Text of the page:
- The Washington Times - Thursday, December 3, 2015

New Jersey Gov. Chris Christie said Thursday that the ongoing conversation on the balance between civil liberties and homeland security is a “false debate,” saying hopefully that the country will “get sober” and re-institute the National Security Agency’s phone-snooping program.

“It’s a false debate,” Mr. Christie said. “It’s a false debate. The idea that anything that was going on during the eight years of the Bush administration was either illegal or extra-constitutional is absolutely false.”

“This is the debate for theater,” he said. “This is a debate to raise money, to cut their little speeches from Capitol Hill, put it on the Internet, and then raise money by scaring people into thinking the government’s listening to your phone calls or reading your emails.

“We never were,” he said. “And when we get sober and we re-institute the NSA program, we won’t be doing it then, either. And under a President Christie, that is exactly what we’ll do.”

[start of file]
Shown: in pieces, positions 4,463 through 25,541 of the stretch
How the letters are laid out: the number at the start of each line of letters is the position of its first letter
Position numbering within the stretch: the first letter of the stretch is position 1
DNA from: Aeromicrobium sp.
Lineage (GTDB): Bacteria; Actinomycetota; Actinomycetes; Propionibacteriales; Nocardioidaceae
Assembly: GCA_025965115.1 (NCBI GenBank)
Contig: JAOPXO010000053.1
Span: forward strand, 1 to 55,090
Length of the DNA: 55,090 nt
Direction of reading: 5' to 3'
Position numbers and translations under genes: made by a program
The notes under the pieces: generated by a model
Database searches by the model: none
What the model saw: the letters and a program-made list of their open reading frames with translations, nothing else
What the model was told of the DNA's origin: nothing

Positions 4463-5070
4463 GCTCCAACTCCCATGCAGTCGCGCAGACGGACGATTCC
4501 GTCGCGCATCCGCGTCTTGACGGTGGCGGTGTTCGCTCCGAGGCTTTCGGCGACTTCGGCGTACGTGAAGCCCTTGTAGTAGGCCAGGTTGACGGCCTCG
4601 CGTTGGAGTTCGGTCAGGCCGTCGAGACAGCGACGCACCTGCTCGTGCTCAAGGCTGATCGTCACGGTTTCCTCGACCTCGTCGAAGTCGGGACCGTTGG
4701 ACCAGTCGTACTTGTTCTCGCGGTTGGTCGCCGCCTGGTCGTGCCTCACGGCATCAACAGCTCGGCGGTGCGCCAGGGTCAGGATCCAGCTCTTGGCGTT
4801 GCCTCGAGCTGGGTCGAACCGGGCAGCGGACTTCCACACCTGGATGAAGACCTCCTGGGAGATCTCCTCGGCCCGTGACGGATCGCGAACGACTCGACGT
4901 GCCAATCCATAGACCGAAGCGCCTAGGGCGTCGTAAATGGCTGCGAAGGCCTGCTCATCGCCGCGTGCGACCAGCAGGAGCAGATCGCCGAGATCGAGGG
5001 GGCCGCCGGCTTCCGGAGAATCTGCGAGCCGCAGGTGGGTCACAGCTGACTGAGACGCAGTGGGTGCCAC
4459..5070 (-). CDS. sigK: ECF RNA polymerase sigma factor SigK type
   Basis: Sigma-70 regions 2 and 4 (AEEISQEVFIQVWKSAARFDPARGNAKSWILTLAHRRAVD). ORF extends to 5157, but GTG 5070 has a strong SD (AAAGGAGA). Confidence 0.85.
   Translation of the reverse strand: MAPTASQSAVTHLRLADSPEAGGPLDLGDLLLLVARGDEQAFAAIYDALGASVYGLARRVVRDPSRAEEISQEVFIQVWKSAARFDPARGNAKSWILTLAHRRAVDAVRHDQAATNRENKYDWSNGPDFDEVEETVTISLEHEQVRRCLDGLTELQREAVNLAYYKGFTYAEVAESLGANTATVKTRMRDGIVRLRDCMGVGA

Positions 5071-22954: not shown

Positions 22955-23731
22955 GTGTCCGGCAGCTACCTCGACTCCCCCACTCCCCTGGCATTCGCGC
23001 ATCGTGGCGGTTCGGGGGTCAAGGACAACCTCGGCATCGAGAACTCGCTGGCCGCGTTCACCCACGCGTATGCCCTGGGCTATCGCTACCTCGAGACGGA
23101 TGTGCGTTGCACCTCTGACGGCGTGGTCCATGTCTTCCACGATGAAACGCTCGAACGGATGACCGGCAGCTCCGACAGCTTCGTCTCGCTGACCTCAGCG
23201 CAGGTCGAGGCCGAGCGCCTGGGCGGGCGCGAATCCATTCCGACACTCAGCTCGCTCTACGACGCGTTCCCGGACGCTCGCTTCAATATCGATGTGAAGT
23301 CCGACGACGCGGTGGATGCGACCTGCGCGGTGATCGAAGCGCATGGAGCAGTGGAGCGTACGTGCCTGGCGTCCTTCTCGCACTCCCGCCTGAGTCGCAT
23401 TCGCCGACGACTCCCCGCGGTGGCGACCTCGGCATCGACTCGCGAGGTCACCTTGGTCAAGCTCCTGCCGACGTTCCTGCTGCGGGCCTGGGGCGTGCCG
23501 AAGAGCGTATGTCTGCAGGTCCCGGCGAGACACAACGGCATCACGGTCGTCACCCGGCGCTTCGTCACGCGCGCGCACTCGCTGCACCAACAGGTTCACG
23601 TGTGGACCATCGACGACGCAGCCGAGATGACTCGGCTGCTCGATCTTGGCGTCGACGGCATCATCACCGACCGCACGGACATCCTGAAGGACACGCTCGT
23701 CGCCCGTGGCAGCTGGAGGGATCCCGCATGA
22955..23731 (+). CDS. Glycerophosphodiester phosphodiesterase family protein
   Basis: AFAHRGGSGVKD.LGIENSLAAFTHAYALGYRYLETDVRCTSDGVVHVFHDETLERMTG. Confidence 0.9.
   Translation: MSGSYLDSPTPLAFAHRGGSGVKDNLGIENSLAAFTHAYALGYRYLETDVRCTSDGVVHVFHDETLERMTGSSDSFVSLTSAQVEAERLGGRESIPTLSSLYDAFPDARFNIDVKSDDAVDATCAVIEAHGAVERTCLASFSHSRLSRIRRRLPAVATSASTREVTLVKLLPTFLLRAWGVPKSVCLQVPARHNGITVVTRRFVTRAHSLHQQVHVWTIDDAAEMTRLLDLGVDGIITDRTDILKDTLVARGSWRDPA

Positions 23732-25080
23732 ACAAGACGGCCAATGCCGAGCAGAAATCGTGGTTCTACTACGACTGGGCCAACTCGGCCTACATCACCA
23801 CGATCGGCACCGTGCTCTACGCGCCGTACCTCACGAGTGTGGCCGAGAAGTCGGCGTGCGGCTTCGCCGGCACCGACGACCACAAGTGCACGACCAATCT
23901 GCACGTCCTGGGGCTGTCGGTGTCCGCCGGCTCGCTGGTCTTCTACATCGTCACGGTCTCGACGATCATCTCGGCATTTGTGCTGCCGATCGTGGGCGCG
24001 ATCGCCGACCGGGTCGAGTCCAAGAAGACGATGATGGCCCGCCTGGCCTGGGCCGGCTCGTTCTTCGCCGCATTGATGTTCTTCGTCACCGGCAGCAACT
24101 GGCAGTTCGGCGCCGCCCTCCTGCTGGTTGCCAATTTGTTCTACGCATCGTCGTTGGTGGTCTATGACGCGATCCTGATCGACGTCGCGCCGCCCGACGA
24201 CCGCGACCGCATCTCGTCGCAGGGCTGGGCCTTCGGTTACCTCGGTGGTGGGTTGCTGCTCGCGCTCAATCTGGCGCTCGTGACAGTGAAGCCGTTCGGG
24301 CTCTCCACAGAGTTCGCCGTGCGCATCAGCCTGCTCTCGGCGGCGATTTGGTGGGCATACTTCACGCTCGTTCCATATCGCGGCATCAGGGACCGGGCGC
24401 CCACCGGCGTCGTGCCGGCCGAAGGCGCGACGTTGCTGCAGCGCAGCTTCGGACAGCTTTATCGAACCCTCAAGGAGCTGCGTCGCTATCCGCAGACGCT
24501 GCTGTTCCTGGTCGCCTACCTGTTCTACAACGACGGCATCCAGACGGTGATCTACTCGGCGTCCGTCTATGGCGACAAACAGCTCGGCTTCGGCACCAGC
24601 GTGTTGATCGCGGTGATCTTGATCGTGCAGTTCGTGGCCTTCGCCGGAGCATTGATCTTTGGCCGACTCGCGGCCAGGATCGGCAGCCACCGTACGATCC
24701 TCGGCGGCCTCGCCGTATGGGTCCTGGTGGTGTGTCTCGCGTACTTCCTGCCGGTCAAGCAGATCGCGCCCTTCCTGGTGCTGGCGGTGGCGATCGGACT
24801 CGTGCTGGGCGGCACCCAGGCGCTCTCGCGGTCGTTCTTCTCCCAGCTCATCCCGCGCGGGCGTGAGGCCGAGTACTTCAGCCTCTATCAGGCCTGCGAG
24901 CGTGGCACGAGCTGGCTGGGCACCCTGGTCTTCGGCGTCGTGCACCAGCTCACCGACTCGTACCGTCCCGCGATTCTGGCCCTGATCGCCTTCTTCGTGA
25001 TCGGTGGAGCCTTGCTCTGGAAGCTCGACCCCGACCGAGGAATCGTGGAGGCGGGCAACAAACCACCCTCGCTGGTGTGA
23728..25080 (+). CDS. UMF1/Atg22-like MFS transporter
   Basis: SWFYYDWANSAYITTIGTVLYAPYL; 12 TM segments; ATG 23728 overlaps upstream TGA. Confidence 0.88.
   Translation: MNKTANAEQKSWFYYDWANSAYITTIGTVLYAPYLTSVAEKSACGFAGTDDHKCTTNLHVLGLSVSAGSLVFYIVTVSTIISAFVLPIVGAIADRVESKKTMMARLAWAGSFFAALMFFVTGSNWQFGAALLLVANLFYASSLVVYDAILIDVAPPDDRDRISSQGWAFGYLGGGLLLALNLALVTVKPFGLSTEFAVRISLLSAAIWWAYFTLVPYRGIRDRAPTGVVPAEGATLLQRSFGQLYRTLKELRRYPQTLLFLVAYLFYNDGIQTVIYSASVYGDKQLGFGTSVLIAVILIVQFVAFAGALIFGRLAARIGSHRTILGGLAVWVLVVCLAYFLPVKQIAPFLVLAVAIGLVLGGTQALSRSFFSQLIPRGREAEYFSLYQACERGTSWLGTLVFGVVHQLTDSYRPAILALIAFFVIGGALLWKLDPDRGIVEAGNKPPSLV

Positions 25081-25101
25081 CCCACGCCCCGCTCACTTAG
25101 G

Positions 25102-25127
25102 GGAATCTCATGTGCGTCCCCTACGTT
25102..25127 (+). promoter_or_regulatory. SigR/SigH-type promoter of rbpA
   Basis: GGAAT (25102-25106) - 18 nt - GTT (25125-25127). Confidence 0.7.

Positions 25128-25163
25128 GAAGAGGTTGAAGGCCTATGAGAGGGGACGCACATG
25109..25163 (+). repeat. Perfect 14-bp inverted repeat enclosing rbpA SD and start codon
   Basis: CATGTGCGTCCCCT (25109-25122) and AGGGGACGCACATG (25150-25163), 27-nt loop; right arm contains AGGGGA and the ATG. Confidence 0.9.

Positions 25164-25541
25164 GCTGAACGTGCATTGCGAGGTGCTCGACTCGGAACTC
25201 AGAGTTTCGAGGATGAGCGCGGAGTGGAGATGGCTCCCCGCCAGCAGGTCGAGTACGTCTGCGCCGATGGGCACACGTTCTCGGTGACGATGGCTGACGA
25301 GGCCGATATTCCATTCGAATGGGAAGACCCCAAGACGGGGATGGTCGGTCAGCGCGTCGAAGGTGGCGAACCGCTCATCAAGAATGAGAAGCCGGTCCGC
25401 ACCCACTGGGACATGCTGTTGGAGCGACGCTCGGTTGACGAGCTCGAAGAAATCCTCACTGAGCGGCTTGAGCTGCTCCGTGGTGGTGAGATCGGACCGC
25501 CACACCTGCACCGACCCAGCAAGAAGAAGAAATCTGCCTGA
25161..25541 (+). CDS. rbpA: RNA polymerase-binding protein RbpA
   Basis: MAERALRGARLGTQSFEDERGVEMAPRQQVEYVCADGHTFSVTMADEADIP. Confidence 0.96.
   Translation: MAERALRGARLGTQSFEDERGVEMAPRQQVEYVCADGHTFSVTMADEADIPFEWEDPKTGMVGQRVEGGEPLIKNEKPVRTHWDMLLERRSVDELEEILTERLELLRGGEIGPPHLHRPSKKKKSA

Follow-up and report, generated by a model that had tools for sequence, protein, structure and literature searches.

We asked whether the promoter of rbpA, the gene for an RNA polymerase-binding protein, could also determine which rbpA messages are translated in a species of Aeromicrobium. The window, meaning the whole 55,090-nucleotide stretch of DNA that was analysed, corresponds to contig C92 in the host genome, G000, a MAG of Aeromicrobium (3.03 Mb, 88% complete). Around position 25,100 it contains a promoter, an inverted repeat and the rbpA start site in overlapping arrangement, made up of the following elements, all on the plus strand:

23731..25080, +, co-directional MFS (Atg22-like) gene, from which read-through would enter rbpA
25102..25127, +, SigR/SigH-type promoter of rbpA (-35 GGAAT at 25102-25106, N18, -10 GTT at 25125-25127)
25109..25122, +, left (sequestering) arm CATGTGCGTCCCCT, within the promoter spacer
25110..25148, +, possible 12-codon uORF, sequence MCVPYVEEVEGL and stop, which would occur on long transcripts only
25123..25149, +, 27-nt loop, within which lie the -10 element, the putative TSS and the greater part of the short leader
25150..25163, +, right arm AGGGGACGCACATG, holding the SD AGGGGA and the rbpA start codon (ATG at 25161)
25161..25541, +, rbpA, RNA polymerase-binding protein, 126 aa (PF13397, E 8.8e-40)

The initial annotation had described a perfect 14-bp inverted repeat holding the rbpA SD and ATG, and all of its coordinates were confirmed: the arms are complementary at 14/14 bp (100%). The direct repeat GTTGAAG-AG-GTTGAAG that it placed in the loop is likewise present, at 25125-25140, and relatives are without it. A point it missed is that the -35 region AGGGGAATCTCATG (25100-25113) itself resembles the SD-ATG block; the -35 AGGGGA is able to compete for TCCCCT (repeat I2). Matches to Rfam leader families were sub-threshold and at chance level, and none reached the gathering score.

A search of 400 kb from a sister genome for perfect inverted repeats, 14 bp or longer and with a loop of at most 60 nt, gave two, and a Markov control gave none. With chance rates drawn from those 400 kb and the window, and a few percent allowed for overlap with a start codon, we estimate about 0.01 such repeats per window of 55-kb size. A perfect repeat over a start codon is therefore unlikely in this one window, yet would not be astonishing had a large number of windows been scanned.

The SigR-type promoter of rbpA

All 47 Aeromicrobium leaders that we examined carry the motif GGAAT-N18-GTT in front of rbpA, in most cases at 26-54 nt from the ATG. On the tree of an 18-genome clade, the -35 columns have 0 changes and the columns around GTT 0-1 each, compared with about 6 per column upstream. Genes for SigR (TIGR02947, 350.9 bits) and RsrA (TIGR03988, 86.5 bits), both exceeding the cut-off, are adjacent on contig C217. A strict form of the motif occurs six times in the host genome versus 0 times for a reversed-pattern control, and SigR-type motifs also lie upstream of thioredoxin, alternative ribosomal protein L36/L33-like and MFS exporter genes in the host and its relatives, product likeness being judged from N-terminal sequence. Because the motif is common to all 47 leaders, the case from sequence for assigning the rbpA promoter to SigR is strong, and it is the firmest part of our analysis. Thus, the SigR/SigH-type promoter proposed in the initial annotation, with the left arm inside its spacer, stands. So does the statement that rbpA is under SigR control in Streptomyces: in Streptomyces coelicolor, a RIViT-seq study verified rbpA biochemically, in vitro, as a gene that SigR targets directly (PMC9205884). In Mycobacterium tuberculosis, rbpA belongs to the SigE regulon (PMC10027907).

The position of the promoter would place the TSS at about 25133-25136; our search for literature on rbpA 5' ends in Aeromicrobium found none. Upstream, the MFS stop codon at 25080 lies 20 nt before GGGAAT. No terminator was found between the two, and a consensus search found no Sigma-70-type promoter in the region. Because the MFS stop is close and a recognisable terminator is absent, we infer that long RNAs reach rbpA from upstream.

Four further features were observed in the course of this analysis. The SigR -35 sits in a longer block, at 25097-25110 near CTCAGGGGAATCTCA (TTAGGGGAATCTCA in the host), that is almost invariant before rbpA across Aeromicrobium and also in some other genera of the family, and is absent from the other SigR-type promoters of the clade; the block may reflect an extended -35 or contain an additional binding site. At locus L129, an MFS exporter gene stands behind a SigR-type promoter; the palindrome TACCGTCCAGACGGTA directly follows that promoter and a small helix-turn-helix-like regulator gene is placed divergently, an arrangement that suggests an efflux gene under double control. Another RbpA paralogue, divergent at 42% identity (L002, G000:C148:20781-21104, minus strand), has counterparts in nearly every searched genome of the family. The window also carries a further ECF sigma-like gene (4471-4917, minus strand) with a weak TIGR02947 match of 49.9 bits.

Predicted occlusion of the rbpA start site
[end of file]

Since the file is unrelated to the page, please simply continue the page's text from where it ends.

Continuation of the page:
The NSA program, which collected metadata from Americans’ phones, ended this week after Congress passed the USA Freedom Act earlier this year. Mr. Christie has been a frequent critic on the issue of 2016 GOP presidential rivals Sen. Ted Cruz of Texas, who voted for the USA Freedom Act, and Sen. Rand Paul of Kentucky, who said he wanted to see it go even further.

Mr. Christie had been asked about the balance between homeland security and civil liberties during a question-and-answer part of his appearance at the Republican Jewish Coalition’s presidential forum.

“Paris was an intelligence failure,” Mr. Christie said. “You think these guys got together 15 minutes before the attack at a Taco Bell … and planned that attack? There were multiple folks involved living in multiple countries with specific planning, and we didn’t catch them.”

He said “no one” knew the Wednesday shooting in San Bernardino that left 14 people dead was coming, either.

“You know, if you listen to the debate in Congress, what they’d have you believe is that we were listening into your phone calls with your wife and reading your emails with your children, through the NSA metadata program,” he said.

“What we’ve done by taking away that ability is to stop us from being able to connect the dots,” he said.

Mr. Christie said that in his experience as a prosecutor, “terrorists don’t wear sandwich boards saying ‘I’m a terrorist and I’m plotting to kill Americans.’”

“The way you find out is through the use of that data and the use, under the Constitution, protected by the Fourth Amendment,” he said. “And that’s what was done every day by U.S. attorneys, myself and others across the country.”

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